Just 10 minutes South of Wells, NV. 1200fenced acres that include 900 acres of lush meadows and 100 acres of alfalfa. Produces 300 tons of excellent quality alfalfa hay from wheel line and underground irrigation. The meadows produce 800-1000 tons of hay and are irrigated from free flowing creeks. Equipment comes with this gorgeous property. $3,500,000.

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June | July 2012 29


lund pioneer days Lund, Nevada

July

19, Saturday - June 9

20, 2

1,

• 4:00 Queen/Princess Contest - Contact Jalyn Bundy, (775) 238-0547

Thursday – July 19 • Ranch Rodeo Style Branding & Cutting/Corraling – 9:00 am (full day) - Added Money - Contact Denny Larsen (775) 238-0234 for information - Contact Kathy Neal (775) 761-4933 for entries - Entries close July 16 for Ranch and Rodeo

Friday – July 20 • Gymkhana 8:00 Signups at 7:30 • Stake Race, Balloon Race, Quadrangle Poles, Pole Bending, Water Race, Rescue Race, Ribbon Race, NEW- Mutton Bustin 8yrs & under, 65# weight limit (top 20 compete in the rodeo) - Age groups 7& under, 8-10, 11-14, 15-18, 18 & over • Rodeo 5:00 - Call Mindy Seal (775)293-1947 for entries - Bull Riding (added money), Steer Stopping, Sr. Barrels, Jr. Barrels, Team Roping, Saddle Bronc (added money), Ranch Bronc (added money), Calf Roping, Steer Riding 10-15yrs, Mutton Bustin (top ten each day from Gymkhana) • Western Dance 9:00 - Firehouse - Live music and DJ

30 June | July 2012

2012

Saturday July 21

• Theme “Traditions Old and New” • 6:30 am - 5K Run Contact Heather Sabaitis (775) 238-5315 • 9:30 - Parade – sign up at 8:30 • 11:00 - Pioneer Program – Old Grade School • Noon - Bar-B-Que • 1:00 - Children’s Games and Horseshoes • 1:00 - Cow Pasture Golf Contact Norris Hendrix (775)238-5234 • Vendor Booths at the square – contact Heather Sabaitis • 5:00 - Rodeo • Dark - Fireworks

Qualifying Team Roping • Lanes 318 Arena; July 19-20, at 9:00 - Contact Ben Noyes @ (435) 691-2536

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June | July 2012 31


A Colt With Some Heart: Merv Takacs By Carolyn Dufurrena

Old School Cowboy:

Thunderheads drifted through the summer afternoon, their shadows darkening the ridges of the Pine Forest Range. Peggy sat at the kitchen counter, coffee and a cigarette in front of her. Two four-year-old boys, my son and her grandson, played in the shallow ditch just outside the window, building endless mud pies. I watched while Peggy folded laundry. We talked and talked the hours away, as she broke an egg into a bowl of flour, stirring up a batch of rolls for dinner. She set them on the pilot light to rise and put the laundry away. We had another cup of coffee. Merv was only a little late. It wasn’t time to get worried. Still, her blue eyes scanned the ridge every few minutes.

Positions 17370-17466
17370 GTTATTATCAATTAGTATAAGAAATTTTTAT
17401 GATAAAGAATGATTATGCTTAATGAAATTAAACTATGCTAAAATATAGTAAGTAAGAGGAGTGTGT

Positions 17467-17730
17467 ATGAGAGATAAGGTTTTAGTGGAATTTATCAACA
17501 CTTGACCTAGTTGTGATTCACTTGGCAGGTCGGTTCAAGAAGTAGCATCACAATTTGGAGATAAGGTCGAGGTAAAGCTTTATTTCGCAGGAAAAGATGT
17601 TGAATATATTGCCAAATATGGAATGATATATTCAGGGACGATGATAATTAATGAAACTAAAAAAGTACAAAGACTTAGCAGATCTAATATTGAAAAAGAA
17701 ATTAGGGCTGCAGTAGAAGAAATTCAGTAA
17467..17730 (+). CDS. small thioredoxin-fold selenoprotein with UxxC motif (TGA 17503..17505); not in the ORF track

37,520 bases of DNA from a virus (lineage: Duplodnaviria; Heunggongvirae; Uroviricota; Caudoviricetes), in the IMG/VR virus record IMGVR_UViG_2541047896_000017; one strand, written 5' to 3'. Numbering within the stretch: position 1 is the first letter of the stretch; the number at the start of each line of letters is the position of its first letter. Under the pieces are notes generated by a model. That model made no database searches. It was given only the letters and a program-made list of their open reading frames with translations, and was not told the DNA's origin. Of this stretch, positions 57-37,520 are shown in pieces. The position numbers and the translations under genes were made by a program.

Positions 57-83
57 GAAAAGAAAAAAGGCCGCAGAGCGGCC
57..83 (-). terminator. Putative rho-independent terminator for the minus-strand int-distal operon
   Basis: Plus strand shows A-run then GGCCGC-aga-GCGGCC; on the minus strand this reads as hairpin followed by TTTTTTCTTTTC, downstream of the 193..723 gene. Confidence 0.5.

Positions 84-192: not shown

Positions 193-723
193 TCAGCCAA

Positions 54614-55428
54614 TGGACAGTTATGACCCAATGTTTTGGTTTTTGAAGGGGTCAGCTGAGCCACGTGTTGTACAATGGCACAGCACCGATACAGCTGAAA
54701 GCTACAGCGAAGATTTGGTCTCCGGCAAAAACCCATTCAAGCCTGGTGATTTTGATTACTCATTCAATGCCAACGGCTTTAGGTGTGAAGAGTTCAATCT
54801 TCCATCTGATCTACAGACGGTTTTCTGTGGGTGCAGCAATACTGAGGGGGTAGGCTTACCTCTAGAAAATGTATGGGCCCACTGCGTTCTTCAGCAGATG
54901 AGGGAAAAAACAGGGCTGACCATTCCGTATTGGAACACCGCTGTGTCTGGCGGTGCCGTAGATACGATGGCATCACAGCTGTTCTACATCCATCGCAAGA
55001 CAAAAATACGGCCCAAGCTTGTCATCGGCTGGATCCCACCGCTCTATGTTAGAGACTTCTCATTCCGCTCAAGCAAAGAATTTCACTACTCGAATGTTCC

Merv snaked the big bay colt down over the rocky, brushchoked trail, through the lightning-blackened pines rimming the cirque’s headwall ridge, down slopes thickly masked by mountain mahogany and aspen. The trail had led him from the headquarters west, up a rocky canyon, across a big high meadow-a little soggy even this late in summer-and up again, out of the sagebrush and into the pines. He had a pretty good scatter on the cattle: fifty head each in the several little basins on the eastern side, fifty head over the ridge. There was room on the top of this mountain for a lot of cows. It was a great place to start a young horse, and he was happy with this one. The glacial lake was dark green at midday, and mossy light brocaded the jumble of granite boulders beneath the surface. He stepped off in a grassy place near the icy water and cautiously slipped the hobbles around the colt’s (front feet). He stood, and stretched. He walked to the shore through a skiff of pine needles over fine sand. Swifts skimmed the wavelets, hunting the afternoon hatch. The wind freshened. The grizzled cowboy breathed, lifting the terrible old used-to-be-white hat off his forehead. A couple of fishermen eyed him curiously, a figure out of a Western novel riding into the twentieth century. The fishing population has changed here since the government declared the top of this mountain a wilderness. Not many locals now chose to hike the jeep trail they’d driven over in years past, and these men were from someplace else. One of them came over. “How’s the fishin’?” Marv inquired politely, fishing his own can of Copenhagen out of a blue shirt pocket. They discussed the merits of angling in the middle of the day, dubious at best, and shot the breeze for awhile. The fisherman said he’d better work his way around the backside. He eyed the bay, half-asleep in the warm sun as he passed by. “What’s your horse’s name?” “Roller.” Merv did not explain how the horse had earned his name. The colt loved his life, loved his work. He loved to chase cows, and worked up a pretty good sweat doing it. When the saddle came off at the end of the day, he would roll and roll in the pasture, as many as six or seven times. “Nice horse,” the fisherman commented, walked past, and smacked him on the rump. Merv’s eyes widened as Roller—still hobbled—came out of his doze with a snort. He took one, then two sideways jumped toward the lake. Merv moved as carefully as he could toward the colt’s head, but Roller was panicked, and too quick. Every yank on those hobbles scared him worse. Next thing Merv knew, Roller had bucked himself, saddle, snaffle bit, hobbles and all, into the icy water. Glaciers carve a steep profile, and the water is deep close to shore. The terrified horse lunged, struggling for his life. The